A Living Wage

Businesses, especially small businesses, reflect their owners. My priorities and my values are reflected in the decisions I make every day, from the ingredients I use to the containers I buy to how I pay my employees. Or, because I’m so small, employee, singular.

This picture dates to my first year with bees--almost a decade and a half ago, now. I haven't used a frame grip since.
This picture dates to my first year with bees, almost a decade and a half ago, now. I haven’t used a frame grip since.

Getting ready for your first employee is a pretty daunting task (at least it was for me!). Payroll, worker’s comp, payroll taxes, and all the rest seem so complicated. I’ll admit that it was a bit scary. But it was made much easier by using a service (I use Gusto.com–here’s the link for both of us to get a gift, if you sign up by 1/15/17).

Once I decided to face that daunting task, I had to decide how much to pay my first employee. He was a first year beekeeper and would need to be taught how to make all the formulas I make from scratch. He was a trainee.

I would have been justified offering minimum wage.

I chose to let my values guide the decision: I pay Cole a living wage. Or maybe that should be “Living Wage,” capitalized, because it’s a term that is defined here in Tompkins County. A Living Wage is currently defined as $14.34 an hour, which means just under $30,000 a year. I rounded up, in fact.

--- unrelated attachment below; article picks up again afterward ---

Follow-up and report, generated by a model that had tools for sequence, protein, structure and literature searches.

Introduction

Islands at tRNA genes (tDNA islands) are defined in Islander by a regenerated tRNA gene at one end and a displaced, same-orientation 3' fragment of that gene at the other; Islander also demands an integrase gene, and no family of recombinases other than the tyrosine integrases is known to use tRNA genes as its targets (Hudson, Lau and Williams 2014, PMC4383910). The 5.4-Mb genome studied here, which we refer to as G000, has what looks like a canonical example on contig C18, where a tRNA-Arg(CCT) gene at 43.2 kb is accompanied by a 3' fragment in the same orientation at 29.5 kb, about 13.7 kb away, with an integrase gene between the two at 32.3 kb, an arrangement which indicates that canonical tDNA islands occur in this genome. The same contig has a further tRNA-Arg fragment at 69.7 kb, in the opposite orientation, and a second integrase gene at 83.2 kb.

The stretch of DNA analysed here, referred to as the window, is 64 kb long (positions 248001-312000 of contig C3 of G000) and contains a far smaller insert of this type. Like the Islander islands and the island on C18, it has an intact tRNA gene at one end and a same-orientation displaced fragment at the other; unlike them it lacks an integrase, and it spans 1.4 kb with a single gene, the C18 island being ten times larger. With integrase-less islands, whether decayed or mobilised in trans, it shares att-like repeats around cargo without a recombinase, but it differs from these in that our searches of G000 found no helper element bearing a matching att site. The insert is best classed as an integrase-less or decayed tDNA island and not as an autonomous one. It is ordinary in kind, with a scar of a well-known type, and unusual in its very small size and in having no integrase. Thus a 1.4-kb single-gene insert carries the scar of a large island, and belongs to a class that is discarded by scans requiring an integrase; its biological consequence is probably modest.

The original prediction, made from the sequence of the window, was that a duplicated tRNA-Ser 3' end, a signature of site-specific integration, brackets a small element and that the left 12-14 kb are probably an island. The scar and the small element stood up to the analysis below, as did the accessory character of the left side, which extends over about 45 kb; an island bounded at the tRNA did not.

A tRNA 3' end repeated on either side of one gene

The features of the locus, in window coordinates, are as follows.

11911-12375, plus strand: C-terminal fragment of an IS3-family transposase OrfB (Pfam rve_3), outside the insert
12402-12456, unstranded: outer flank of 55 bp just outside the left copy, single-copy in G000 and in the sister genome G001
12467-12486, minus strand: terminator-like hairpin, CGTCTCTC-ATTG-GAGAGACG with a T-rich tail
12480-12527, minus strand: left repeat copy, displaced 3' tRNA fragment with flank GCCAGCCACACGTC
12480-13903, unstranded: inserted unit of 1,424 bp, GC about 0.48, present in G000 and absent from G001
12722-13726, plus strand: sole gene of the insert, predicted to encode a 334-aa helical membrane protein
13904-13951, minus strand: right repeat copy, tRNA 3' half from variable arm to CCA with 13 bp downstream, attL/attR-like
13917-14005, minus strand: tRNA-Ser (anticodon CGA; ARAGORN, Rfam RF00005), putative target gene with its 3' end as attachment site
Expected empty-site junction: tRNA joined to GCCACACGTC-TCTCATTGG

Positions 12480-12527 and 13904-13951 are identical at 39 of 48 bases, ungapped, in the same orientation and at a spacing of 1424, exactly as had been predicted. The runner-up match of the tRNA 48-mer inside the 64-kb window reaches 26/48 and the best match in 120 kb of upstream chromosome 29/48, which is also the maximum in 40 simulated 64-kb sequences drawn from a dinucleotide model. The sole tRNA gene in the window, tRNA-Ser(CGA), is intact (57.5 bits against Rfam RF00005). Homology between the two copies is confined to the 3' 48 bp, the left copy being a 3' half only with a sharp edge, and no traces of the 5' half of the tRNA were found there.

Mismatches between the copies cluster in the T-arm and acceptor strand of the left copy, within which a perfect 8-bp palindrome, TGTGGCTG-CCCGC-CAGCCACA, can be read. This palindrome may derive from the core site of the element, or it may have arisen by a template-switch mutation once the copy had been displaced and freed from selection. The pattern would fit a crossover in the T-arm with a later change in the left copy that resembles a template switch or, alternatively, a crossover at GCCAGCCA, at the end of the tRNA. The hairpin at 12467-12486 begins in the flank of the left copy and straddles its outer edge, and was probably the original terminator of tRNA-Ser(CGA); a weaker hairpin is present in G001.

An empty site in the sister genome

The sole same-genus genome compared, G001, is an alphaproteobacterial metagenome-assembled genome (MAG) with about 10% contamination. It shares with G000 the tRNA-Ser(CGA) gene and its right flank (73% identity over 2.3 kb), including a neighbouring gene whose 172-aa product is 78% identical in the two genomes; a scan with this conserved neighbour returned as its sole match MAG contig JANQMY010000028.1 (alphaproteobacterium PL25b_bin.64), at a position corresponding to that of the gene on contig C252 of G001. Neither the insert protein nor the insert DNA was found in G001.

I also chose to provide paid sick leave as an earned benefit. It’s important to me that an employee who is too sick to work stays home and gets well. I don’t want the germs, and I don’t want someone distracted by illness making products.

As of last week, I’m now an official Living Wage Employer, certified by the Tompkins County Workers’ Center.

I’m really proud of this. It has always been important to me to “start the way I mean to go on” in my business. No skimping on ingredients, containers, or labels. No short cuts “just this once.” Ideally, I’d be able to turn on a camera and livestream my production for you, and you could see exactly how everything is made, and feel great about buying it. (I may yet do that, by the way!)

What does this mean for you, as a customer? It means that when you buy Avital’s soaps, lotions, and balms, you’re helping to support a business that does right by its employee(s). When you pay for a bar of Avital’s soap, you know that it’s made by someone who enjoys their job and is well-paid.

Avital’s will never be the cheapest item on the shelf, but making cheap products has never been my aim. I can’t compete on price against companies that buy their ingredients by the ton and their containers by hundreds of thousands. And that pay minimum wage.

Here’s my goal instead: Avital’s makes quality skincare, provides well-paying jobs, creates a lively company culture, and we love teaching people about honey bees and the wondrous things they do for us and the environment. As my business grows, those goals are the foundation, whether I have one employee or a hundred.

I hope you find those goals worth supporting! And I’m always open to suggestions on how to improve anything we do. Just leave a comment!

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